Buffel grass - feed or weed?

20 Apr, 2005 08:45 PM
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THE pastoral industry is divided on the issue of introduced grasses, following the release of a report by the Cooperative Research Centre for Australian Weed Management (CRC).

The report identified introduced grasses such as gamba, para, mission, guinea and buffel as the crux of a problem that is dangerously altering Australia's delicate outback ecosystems.

Buffel grass is an African grass (buffel is Afrikaans meaning buffalo), and is widely used as a fodder grass on cattle stations across northern Australia.

Pastoralists and environmentalists will always disagree on the merits of buffel grass, but this report has certainly raised the ire of many pastoralists who depend heavily on buffel grass.

Many pastoralists rely on buffel grass as life saving feed for cattle, especially in dry times.

Poor quality country can be readily turned into productive cattle country with buffel grass, known for its drought proofing qualities.

Meat and Livestock Australia program coordinator John Childs said that buffel grass would never be eradicated and was of tremendous benefit to the cattle industry.

"A CSIRO study completed in 1998 found that improved pastures containing buffel grass had a $1.5 billion benefit to the beef industry," Mr Childs said.

"Buffel lasts longer and starts quicker after rain, and is of tremendous benefit to the cattle industry.

"Buffel grass is naturalised in some places and is a legitimate pasture used to improve productivity for beef producers."

Scientists are concerned however that Australia's once fire tolerant landscapes are being burned alive by a spreading invasion of African grasses, which will have follow-on effects to the grazing industry, indigenous communities and tourism.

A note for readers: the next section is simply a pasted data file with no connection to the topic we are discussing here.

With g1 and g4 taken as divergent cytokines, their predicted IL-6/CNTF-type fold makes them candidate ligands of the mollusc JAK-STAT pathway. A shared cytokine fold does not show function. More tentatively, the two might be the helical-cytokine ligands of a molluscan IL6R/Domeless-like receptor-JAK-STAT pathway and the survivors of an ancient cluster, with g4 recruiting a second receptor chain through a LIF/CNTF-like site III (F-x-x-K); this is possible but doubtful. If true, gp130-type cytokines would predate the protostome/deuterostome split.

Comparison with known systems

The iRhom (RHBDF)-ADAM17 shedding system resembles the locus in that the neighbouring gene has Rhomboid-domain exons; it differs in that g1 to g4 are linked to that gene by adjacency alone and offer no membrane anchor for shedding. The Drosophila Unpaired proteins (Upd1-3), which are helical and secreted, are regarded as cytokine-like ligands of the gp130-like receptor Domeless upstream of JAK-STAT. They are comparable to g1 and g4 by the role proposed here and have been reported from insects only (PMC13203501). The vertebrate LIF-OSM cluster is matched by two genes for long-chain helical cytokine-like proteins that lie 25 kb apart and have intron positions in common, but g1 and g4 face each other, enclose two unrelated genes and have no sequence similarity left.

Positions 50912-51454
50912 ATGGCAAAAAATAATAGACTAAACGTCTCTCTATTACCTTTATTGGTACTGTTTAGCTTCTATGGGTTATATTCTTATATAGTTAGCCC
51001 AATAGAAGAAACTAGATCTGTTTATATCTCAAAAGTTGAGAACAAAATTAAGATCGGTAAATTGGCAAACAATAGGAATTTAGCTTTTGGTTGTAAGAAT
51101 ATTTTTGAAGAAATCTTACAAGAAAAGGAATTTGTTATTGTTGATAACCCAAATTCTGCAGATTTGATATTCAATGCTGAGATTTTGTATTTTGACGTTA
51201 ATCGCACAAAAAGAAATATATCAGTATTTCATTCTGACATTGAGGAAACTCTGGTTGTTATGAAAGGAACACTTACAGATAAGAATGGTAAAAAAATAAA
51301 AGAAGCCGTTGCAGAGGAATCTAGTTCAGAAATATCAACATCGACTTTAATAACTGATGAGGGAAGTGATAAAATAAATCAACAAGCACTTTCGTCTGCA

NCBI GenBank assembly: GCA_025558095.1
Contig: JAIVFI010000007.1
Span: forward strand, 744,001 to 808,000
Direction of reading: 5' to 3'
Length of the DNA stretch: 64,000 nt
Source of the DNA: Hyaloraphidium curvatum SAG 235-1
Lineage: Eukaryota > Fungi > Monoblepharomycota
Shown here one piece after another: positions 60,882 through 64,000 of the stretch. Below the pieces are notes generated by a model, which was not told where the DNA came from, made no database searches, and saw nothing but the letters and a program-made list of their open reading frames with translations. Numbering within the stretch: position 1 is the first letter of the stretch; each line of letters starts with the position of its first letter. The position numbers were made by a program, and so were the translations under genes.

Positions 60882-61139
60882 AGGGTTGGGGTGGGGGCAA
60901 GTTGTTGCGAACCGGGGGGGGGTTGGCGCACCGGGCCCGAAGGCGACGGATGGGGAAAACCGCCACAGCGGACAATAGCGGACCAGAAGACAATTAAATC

In a development with profound ecological implications for Australia's native plants and animals, scientists warn that vast areas of woodland in the north and centre of the continent are now at risk from a host of these African grasses.

Professor David Bowman of Charles Darwin University said these African grasses build up huge fuel loads, causing fires of an intensity and timing that native tress, shrubs and grasses cannot withstand.

"These 'fireweeds' are becoming widespread, invading areas of high conservation value in the arid zone and monsoonal tropics of the top end, displacing the native grasses and shrubs," Mr Bowman said.

Dr Tony Grice from CRC says the African weeds produce up to four times the fuel load of native grasses, causing conflagrations which destroy eucalypts, acacias and other shrubs, which normally thrive in the natural fires of lower intensity and frequency.

The dilemma is accentuated by the fact that there is no effective control on the horizon for the invaders.

"This is truly an issue of national concern because it involves the potential transformation of vast tracts of the continent from an Australian landscape into something else," Dr Bowman said.

Pastoralists and Graziers Association (PGA) WA pastoral and wool director Edgar Richardson said he couldn't see how buffel could be eradicated other than by resorting to biological warfare.

"Should buffel grass be eradicated, it would have to be by such means that would surely eradicate our native species as well," he said.

"The destruction of buffel grass would decimate the northern cattle industry."

Mr Richardson was attending a conference in the Kimberley last weekend and had discussed the buffel grass issue with pastoralists from the region.

"The pastoralists I spoke to all vehemently denied that buffel grass choked out native grasses," he said.

"In fact they said that the native grasses and buffel cohabitated the pastoral area quite well.

"Although buffel is in the scientists radar as a weed, mainly because it is an introduced species, how long do you have to be here before you are classed as native?

"Buffel grass has been in the pastoral areas for over 100 years, having first been brought into the northern region by Afghans and their camels," Mr Richardson said.

Mr Richardson concluded by saying that soil conservation and other benefits to the cattle industry far outweighed any other worries regarding buffel grass.

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